True or false? Well, it's a practice that's up for debate, and we haven't skewered enough kabobs in our day to have an adequate comparison of soaked vs. non-soaked sticks.
But we did read this thread on the Epicurious blog about whether or not to soak skewers, and several commenters say not to; your skewers will get a bit charred no matter what, and they won't go up in flames. One notes that Cook's Illustrated, the grand poobah of kitchen testing, claims soaking is unnecessary.
There's also this article that quotes Gourmet's John Willoughby as saying, "Don't soak the wooden skewers. It just seems, no matter how long you soak, the tiny little pieces on the end are just going to burn anyway."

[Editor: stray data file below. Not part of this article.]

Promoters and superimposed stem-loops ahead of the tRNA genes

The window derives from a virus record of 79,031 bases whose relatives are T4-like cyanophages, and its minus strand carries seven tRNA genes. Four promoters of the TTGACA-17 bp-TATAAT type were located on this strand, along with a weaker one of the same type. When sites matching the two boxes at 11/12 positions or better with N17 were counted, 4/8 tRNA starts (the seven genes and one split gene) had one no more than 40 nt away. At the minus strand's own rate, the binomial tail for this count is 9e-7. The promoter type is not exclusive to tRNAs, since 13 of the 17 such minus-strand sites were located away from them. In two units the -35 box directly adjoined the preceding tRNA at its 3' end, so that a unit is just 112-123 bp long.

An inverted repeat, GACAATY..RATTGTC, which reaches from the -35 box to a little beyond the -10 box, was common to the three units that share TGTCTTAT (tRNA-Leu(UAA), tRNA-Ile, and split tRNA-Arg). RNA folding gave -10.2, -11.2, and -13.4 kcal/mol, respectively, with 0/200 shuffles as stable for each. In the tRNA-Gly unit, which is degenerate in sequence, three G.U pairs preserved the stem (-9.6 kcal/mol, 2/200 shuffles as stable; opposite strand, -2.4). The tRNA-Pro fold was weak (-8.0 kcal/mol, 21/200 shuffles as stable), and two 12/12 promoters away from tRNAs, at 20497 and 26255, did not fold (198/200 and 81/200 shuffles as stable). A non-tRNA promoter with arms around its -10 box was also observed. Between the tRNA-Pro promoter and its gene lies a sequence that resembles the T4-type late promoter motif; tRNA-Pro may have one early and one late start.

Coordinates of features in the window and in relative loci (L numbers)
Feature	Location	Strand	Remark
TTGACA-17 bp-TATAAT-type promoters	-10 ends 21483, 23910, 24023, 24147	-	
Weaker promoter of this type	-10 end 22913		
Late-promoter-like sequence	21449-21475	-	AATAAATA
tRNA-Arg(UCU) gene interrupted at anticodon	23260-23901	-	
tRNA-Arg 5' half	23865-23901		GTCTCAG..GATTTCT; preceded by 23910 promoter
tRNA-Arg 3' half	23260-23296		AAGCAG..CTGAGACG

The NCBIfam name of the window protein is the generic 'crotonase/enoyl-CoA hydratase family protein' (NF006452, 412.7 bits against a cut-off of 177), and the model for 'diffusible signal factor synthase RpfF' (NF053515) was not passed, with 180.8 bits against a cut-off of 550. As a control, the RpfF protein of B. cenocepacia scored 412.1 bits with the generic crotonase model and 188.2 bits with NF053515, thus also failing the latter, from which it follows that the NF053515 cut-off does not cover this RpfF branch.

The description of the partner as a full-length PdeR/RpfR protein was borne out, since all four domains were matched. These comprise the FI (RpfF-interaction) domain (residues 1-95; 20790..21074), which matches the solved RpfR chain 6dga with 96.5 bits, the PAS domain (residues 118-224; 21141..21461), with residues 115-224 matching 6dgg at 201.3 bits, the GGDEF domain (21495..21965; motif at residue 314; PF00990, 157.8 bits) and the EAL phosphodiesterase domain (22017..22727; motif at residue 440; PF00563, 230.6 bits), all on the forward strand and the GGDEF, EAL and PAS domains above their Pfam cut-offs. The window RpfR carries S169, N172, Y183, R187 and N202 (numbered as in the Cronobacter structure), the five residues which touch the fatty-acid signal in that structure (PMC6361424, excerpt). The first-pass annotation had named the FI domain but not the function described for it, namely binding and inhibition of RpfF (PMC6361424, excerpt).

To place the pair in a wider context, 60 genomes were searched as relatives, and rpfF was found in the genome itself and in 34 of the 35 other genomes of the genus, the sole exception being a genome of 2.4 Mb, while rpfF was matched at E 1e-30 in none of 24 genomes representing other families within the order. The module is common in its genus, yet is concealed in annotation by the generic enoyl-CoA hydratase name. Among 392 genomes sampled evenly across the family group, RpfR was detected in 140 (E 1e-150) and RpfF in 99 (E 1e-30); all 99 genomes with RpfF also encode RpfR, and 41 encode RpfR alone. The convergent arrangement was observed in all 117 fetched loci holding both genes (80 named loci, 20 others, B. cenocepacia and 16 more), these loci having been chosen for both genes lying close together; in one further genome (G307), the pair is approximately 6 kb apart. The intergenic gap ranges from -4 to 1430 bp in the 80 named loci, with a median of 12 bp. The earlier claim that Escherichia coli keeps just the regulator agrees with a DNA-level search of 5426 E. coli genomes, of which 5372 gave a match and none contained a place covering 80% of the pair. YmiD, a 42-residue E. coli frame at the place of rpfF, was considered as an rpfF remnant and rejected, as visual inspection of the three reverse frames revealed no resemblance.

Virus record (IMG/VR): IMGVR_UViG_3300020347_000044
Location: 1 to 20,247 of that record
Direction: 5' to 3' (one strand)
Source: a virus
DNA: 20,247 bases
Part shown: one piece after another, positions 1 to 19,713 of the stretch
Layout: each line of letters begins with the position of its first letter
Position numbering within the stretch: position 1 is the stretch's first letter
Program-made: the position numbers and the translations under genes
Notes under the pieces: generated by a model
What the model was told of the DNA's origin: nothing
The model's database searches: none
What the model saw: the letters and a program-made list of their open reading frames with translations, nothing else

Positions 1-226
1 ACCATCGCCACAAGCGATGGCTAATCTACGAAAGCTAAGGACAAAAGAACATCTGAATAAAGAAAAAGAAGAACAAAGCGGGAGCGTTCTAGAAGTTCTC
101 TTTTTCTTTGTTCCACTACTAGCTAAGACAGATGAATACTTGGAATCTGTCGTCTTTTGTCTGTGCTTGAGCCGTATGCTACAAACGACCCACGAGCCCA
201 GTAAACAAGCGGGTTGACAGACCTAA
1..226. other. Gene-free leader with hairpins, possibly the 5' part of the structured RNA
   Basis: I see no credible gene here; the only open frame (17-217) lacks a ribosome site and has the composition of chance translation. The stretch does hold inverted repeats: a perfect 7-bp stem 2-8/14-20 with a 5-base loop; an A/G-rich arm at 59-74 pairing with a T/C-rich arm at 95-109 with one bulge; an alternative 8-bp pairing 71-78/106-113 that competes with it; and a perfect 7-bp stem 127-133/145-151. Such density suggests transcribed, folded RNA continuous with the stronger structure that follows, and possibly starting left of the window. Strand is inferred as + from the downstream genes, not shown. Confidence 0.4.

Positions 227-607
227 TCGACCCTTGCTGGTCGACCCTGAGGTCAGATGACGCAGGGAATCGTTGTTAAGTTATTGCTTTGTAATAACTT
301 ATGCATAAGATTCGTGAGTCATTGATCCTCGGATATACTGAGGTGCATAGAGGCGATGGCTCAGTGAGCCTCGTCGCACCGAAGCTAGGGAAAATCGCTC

At the same time, recipes in Gourmet magazine (like these Chicken, Mushroom, and Boy Choy Kebabs) still call for soaking skewers before you load them up.
So what gives? Our thought is that really thin, flimsy skewers might have a tendency to catch fire more quickly, so the magazine is covering the bases. But if your skewers are thick and sturdy, we don't think it would be a huge problem.
An alternative would be to use metal skewers, which are reusable and non-flammable, although they stay hot and are hard to pick up.
Stay tuned — we're posting some ideas for alternative, fancy kabob skewers tomorrow morning...
What have your experiences taught you? To soak or not to soak?
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